This is a good time to be a fan or student of American history. One of the joys of living in a place like Dorchester is that our nation’s history is literally all around us. From Lower Mills to Edward Everett Square, there are everyday reminders of the long and still-evolving story of this town-turned-neighborhood and the nation it helped to create.
This week’s Reporter holds a few reminders of this: The Pierce House on Oakton Avenue near Adams Corner is one of the last surviving examples of early colonial architecture left in the city. The home’s current owner— Historic New England— has done a great job in recent years carefully restoring the building, which was built in 1683. An upcoming program on weatherproofing older homes offers a good chance to get a look inside the Pierce House, as we report this week. If you can’t make it this weekend, there will be other chances to view it in the upcoming year, thanks to Historic New England.
Those who want to get a good overview of our town’s history should avail themselves of an opportunity to hear from Earl Taylor, the current president of the venerable Dorchester Historical Society. Mr. Taylor has been instrumental in recent years in reviving the Society’s mission of preserving local buildings and artifacts. The Society holds frequent lectures and open houses at its Dorchester properties, including the Clap and Blake houses near Edward Everett Square.
On Thursday, Taylor will be featured in a special lunchtime talk at Boston’s Old South Meeting House as part of a neighborhood series planned by Historic Boston Incorporated and the Boston Landmarks Commission. It’s a good opportunity for those who work in downtown Boston to get a dose of Dorchester culture and history on their lunch break. Taylor’s talk starts at 12:15 at the Old South Meeting House at 310 Washington Street near Downtown Crossing. There is a $6 fee for anyone who is not a member of the OSMH.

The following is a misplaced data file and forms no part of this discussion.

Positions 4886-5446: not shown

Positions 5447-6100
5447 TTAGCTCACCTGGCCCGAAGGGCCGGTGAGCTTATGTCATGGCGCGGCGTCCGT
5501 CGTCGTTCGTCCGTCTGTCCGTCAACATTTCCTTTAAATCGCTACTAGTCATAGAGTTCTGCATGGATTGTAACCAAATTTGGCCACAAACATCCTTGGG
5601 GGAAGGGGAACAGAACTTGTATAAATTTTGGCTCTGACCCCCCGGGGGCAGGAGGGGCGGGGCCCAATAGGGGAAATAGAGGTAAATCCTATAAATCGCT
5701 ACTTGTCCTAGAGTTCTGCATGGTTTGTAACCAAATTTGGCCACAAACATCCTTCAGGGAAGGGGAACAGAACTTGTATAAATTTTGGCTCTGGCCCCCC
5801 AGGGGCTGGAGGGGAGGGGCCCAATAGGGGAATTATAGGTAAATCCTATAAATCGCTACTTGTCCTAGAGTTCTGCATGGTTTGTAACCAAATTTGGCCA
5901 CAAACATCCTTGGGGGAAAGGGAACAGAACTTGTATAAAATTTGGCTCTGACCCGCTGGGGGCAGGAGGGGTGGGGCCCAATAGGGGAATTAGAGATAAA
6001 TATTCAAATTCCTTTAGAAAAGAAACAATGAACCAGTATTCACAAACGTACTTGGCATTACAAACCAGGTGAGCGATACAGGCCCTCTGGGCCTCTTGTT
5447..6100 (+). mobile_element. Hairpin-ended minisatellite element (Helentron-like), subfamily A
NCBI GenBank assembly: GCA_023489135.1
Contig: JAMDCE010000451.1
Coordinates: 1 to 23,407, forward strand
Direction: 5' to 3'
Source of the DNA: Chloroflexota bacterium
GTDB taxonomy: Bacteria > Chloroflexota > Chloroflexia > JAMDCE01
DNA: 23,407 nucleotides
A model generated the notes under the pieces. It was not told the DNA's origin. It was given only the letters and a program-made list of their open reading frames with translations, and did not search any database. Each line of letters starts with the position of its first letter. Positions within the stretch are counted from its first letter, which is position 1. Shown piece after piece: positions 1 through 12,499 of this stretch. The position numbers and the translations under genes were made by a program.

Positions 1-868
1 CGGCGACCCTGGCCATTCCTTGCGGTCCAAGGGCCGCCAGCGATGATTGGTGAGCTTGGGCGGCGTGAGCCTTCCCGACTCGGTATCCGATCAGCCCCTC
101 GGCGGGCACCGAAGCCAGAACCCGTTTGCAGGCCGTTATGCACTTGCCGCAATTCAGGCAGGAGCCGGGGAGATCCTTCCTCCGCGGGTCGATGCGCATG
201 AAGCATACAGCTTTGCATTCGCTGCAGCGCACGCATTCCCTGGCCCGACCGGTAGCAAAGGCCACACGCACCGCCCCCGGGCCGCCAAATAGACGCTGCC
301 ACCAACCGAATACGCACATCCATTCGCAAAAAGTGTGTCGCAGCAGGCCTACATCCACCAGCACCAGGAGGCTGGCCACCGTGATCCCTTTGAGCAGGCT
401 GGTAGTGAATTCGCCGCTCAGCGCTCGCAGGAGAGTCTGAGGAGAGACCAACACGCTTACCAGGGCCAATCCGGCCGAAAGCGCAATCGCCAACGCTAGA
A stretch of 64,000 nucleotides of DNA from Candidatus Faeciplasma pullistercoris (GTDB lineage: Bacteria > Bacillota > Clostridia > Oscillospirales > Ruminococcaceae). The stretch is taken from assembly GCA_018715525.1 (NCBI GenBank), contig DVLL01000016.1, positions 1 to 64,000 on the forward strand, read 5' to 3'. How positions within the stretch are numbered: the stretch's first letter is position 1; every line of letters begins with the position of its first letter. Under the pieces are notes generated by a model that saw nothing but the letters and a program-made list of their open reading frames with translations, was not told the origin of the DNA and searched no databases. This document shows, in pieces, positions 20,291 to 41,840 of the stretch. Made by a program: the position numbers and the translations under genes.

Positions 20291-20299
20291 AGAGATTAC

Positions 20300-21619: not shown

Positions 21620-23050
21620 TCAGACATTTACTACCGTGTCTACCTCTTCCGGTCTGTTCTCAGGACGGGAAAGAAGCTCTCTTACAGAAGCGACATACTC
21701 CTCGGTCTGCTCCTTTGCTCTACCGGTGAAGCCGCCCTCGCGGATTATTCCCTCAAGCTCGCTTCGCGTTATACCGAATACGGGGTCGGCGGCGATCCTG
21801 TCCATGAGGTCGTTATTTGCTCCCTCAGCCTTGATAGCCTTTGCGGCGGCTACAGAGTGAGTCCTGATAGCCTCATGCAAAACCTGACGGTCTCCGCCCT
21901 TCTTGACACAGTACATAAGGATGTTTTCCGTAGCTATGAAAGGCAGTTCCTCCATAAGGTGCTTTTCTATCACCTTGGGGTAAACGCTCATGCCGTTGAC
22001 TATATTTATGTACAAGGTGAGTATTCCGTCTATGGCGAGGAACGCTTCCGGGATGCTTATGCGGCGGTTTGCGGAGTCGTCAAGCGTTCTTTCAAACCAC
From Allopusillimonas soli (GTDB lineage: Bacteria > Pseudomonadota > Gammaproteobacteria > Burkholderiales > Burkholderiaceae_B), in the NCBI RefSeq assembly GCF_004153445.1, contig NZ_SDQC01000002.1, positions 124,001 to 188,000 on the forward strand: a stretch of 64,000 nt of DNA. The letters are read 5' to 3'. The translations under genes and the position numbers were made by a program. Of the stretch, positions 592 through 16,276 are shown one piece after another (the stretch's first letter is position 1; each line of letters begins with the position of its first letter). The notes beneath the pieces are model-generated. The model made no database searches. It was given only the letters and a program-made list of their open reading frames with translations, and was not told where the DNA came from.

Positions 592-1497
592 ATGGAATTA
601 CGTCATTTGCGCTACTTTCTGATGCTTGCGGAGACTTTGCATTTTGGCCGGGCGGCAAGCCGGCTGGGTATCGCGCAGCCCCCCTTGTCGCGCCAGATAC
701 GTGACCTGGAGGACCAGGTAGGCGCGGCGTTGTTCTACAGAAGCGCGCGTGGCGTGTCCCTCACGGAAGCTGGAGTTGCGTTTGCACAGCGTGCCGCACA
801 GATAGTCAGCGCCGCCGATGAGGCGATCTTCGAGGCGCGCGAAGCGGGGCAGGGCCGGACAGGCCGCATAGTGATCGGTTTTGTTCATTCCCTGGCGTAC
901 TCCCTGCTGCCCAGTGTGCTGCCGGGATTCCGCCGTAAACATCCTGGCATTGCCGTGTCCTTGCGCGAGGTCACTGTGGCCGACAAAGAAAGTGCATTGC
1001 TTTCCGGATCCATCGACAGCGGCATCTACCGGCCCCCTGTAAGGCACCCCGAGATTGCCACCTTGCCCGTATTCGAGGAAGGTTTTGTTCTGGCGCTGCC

The ongoing observance of the 150th anniversary of the Civil War has sparked a new round of interest in that seminal American conflict. The Forbes House Museum on Milton Hill — just over the river— is a frequent site of Civil War-related encampments and lectures. This Sunday, the Forbes House (215 Adams St.) will hold its annual Lincoln Day celebration from 1 p.m. to 4 p.m. The event will include re-enactors from North and South and tours of its replica Lincoln log cabin. Hot chocolate will be served in the tradition begun by Mary Bowditch Forbes in 1924. A requested donation for Lincoln Day is $5 per family.
Finally, this evening, Carney Hospital and Laboure College will host a special program on the 54th Massachusetts, the African-American regiment that was organized in Boston to fight for the Union in the Civil War. The men of the 54th are perhaps the most well known of the 200,000-plus African-American soldiers who joined the Union cause. The free program starts with refreshments at 5:30 p.m. at Carney’s Riseman Auditorium, 2100 Dorchester Avenue.
It’s great to read up on local history at our local libraries and online. But nothing beats getting out there and sharing this enthusiasm with like-minded folks. The Dorchester Historical Society, the Forbes House, Historic New England, and other like groups keep the lamp lit for us and for future generations to learn and explore. We thank them for their example and stewardship. Please consider supporting these organizations with your participation and donations.
– Bill Forry